Dec. 19 (Bloomberg) -- Apple Inc. is taking orders today for the new Mac Pro personal computer, which is being built in Texas with components made domestically as part of Chief Executive Officer Tim Cook’s $100 million Made-in-the-USA push.
“We have begun manufacturing the Mac Pro in Austin,” Cook wrote in a posting yesterday on Twitter. “It’s the most powerful Mac ever.”
The cylindrical machine, which runs on Intel Corp.’s latest Xeon chip, will be available to order today at a starting price of $2,999, Apple said. While companies such as Google Inc. and Lenovo Group Ltd. are doing some final assembly in the U.S. of parts made overseas, Cook said in an interview in October that Apple is manufacturing -- not just putting together -- the Mac Pro’s metal parts in the U.S.
“The difference with us is that we’re taking a bottoms-up approach,” Cook said at the time. “We don’t want to just assemble the Mac Pro here, we want to make the whole thing here. This is a big deal.” Apple’s partners are using industrial molds and production processes that were developed in the U.S., he said.
Cook’s pledge to domesticate some production followed years of criticism from labor advocates about conditions at contractors’ facilities in China, where most of Apple’s products are built. Though Apple, the world’s largest technology company, hasn’t announced plans to make other products in the U.S., recent investments suggest it may head in that direction, including a new plant in Mesa, Arizona.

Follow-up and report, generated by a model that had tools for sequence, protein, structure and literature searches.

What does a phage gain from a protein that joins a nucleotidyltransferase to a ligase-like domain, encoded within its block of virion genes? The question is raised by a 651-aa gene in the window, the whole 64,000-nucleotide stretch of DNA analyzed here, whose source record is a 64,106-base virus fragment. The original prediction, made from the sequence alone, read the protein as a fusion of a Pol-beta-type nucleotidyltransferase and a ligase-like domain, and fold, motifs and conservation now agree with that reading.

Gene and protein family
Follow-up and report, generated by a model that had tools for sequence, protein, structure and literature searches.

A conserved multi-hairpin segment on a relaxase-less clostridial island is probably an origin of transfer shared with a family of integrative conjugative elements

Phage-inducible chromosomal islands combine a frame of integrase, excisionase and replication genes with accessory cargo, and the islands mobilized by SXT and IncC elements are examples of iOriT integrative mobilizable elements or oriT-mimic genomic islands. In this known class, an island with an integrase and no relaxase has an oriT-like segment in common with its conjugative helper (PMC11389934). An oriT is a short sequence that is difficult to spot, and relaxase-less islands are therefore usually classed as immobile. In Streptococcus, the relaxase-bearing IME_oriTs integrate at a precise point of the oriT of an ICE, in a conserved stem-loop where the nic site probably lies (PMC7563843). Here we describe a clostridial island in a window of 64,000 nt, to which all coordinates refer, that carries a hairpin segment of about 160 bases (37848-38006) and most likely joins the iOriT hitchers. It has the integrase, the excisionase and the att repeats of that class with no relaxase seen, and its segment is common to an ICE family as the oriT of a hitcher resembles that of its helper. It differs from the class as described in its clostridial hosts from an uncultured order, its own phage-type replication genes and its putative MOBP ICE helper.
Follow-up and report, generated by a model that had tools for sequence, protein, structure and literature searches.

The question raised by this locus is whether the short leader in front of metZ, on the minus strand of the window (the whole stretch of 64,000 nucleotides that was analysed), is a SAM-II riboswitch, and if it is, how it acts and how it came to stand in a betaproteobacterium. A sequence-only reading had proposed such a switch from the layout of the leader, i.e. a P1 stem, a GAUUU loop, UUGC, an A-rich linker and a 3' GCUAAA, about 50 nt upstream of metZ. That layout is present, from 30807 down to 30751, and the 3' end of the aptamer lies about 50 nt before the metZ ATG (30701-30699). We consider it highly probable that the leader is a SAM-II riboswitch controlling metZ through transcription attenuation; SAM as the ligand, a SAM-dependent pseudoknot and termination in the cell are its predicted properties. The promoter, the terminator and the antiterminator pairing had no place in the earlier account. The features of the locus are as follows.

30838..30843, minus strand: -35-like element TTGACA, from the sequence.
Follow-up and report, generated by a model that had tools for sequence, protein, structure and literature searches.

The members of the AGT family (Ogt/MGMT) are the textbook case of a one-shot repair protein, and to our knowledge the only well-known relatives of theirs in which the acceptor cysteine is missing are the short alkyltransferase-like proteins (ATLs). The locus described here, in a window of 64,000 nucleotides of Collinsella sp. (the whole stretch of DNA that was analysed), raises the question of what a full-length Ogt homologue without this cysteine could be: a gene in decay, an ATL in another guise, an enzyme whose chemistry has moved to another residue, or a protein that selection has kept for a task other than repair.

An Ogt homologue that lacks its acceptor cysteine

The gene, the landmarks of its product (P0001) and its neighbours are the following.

The newest version of the Mac Pro, a top-of-the-line computer used by graphic designers and filmmakers who require the fastest performance, is going on sale at the height of the holiday shopping season in customizable configurations starting at $2,999 and $3,999 depending on the chip’s power and amount of memory.
The sleek, rounded black machine, which looks like a space- age trash can or a small jet engine, is 9.9 inches tall and is an eighth the size of the current Mac Pro, the company said. Intel’s Xeon processors will let it handle some calculations at twice the speed of the existing model, Apple has said, and will use 70 percent less power because of its smaller size. The computer comes with 256 gigabytes of flash-based storage, expandable to one terabyte -- the equivalent of 1,000 gigabytes.
Apple executive Phil Schiller said in October that more than 2,000 people in 20 states were working on the Mac Pro. The Cupertino, California-based company released a video of the highly automated processes used to build the machine, showing a puck-shaped plug of aluminum being stamped into the shape of the cylindrical shell, and then passed through a series of robots for polishing, anodizing and painting. Other machines insert electronic components onto circuit boards.
The last frames of the video show the words “Designed in Cupertino, Assembled in the USA” being etched on the bottom of the machine by laser. Under U.S. Federal Trade Commission regulations, companies can’t include the term “Assembled in USA” if that process only includes final piecing together of imported parts “in a simple ‘screwdriver’ operation in the U.S.”
So far, the company’s push isn’t poised to have a big impact. Of Apple’s $170.9 billion in annual revenue, more than 70 percent of that comes from the iPhone and iPad tablet, which are built in China. The new Mac Pro will probably contribute less than 1 percent of Apple’s sales in 2014, said Gene Munster, an analyst at Piper Jaffray Cos. He predicts the company will sell 1.1 million Mac Pros in 2014, compared with 300 million iPhones and iPads.